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[liberationtech] Man-in-the-middle attack on GitHub in China

Martin Johnson greatfire at greatfire.org
Wed Jan 30 02:06:00 PST 2013


I agree that the petition itself is controversial. The proposal is unlikely
to be realized. Gathering a lot of signatures will help bring attention to
the problem though. I would encourage people to sign it for that reason.

Martin Johnson
Founder
https://GreatFire.org - Monitoring Online Censorship In China.
https://FreeWeibo.com - Uncensored, Anonymous Sina Weibo Search.
https://Unblock.cn.com - We Can Unblock Your Website In China.


On Wed, Jan 30, 2013 at 5:00 PM, Jacob Appelbaum <jacob at appelbaum.net>wrote:

> x z:
> > This is a great piece Martin! Thanks for the thorough analysis,
> explanation
> > and documentation.
> >
> > I have two comments:
> >
> > 1. It is a bit sad that the petition "People who help internet
> censorship,
> > builders of Great Firewall in China for example, should be denied entry
> to
> > the U.S.<
> https://petitions.whitehouse.gov/petition/people-who-help-internet-censorship-builders-great-firewall-china-example-should-be-denied-entry-us/5bzJkjCL
> >
> > " only got 9,024 signatures after 6 days. Yes, the petition is merely
> > symbolic, but it *is* symbolic. I do hope significantly more people can
> > sign it, otherwise, the GFW operators and Chinese authority can laugh
> their
> > way home, "see, so few people care!". I hope activists on this mailing
> list
> > can help spreading the word, 26 days remaining.
>
>
> I think that reducing a worker's travel rights is a rather strange
> tactic. It smacks of injustice. Borders as they exist today didn't exist
> in such a way around one hundred years ago, do we really like that? Is
> it such a good idea to promote a culture of control simply because in
> the short term "we" somehow benefit from it? I think the answer is no
> but I admit, I have a real big chip on my shoulder about harassment in
> US customs.
>
> I would encourage people not to sign such a petition. It is a symbol and
> it is a symbol of a control society hell bent on using coercive force of
> any kind to produce results. We should be better.
>
> >
> > 2. Even though HTTPS traffic is nontrivial to tackle, GFW has a much
> > simpler solution for it. GFW can deteriorate the user experience of HTTPS
> > websites, e.g. injecting random resets to HTTPS connections. People can
> > still use the site, but it becomes slow and unstable, gradually more and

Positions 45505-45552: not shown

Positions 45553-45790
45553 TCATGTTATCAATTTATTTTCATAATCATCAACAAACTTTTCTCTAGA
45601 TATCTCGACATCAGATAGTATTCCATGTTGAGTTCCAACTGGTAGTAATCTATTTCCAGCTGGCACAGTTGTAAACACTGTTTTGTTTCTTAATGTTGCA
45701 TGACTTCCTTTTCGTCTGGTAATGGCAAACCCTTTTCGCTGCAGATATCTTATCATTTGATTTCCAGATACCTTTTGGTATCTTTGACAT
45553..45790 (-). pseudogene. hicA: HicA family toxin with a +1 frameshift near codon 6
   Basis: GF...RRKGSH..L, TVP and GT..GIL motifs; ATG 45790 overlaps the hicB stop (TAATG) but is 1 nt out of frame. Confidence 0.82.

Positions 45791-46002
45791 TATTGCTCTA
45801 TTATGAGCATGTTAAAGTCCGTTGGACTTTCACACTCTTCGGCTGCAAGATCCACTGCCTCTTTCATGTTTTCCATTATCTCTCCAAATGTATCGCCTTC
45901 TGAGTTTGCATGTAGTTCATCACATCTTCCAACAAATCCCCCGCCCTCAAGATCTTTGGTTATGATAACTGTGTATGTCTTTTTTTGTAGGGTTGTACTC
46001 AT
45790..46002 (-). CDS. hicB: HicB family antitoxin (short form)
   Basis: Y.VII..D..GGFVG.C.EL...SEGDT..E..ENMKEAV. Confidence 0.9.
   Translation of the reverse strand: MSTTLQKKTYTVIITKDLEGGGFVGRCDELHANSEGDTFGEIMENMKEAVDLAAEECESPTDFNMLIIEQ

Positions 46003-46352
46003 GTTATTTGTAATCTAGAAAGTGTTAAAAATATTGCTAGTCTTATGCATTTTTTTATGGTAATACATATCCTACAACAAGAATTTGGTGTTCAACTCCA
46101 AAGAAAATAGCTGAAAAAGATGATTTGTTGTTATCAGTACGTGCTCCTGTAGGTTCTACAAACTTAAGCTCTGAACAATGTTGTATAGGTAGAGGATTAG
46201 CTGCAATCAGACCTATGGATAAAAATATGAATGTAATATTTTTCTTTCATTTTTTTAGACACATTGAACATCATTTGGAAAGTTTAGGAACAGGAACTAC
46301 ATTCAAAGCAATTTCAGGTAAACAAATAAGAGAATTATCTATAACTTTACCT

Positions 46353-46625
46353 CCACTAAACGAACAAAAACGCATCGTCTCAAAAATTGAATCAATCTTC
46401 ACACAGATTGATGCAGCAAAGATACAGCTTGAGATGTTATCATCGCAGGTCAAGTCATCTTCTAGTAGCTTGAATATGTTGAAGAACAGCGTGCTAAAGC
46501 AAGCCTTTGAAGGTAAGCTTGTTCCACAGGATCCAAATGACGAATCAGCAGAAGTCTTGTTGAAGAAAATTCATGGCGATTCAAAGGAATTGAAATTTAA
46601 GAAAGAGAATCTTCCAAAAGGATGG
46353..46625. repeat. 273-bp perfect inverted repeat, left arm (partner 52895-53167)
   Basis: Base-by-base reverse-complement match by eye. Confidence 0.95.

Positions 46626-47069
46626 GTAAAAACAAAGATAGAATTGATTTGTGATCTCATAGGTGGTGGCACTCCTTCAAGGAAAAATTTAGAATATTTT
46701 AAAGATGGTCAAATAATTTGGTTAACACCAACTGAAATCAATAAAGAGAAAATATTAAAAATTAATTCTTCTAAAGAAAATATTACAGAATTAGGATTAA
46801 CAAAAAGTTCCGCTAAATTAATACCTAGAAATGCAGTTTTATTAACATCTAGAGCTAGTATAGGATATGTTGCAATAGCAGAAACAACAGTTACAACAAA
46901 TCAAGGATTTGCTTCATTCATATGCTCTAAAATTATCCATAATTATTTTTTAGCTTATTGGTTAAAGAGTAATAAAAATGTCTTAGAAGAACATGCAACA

> > more will switch away to use domestic replacement. It is a slow process,
> > but can be a successful one.
> >
>
> Indeed - we are seeing this exact strategy in many places in the world
> right now.
>
> All the best,
> Jacob
>
> > Cheers,
> >
> > Tom
> >
> > 2013/1/29 Martin Johnson <greatfire at greatfire.org>
> >
> >> At around 8pm, on January 26, reports appeared on Weibo and Twitter that
> >> users in China trying to access GitHub.com were getting warning messages
> >> about invalid SSL certificates. The evidence, listed further down in
> this
> >> post, indicates that this was caused by a man-in-the-middle attack. Full
> >> post at
> https://en.greatfire.org/blog/2013/jan/china-github-and-man-middle
> >>
> >> One interesting conclusion is that support for HTTP Strict Transport
> >> Security in Chrome and Firefox makes a real difference. If
> >> man-in-the-middle attacks become more common in China, preventing users
> >> from adding exceptions and making the warning messages informative is
> >> crucial. We need to find ways to convince users to use browsers that
> >> support these safety measures. Currently, around 50% of Internet users
> in
> >> China use either the 360 so-called Safety Browser (which is a very
> ironic
> >> name) or Internet Explorer 6 (yes, it lives on in China).
> >>
> >> Martin Johnson
> >> Founder
> >> https://GreatFire.org - Monitoring Online Censorship In China.
> >> https://FreeWeibo.com - Uncensored, Anonymous Sina Weibo Search.
> >> https://Unblock.cn.com - We Can Unblock Your Website In China.
> >>
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> >
> >
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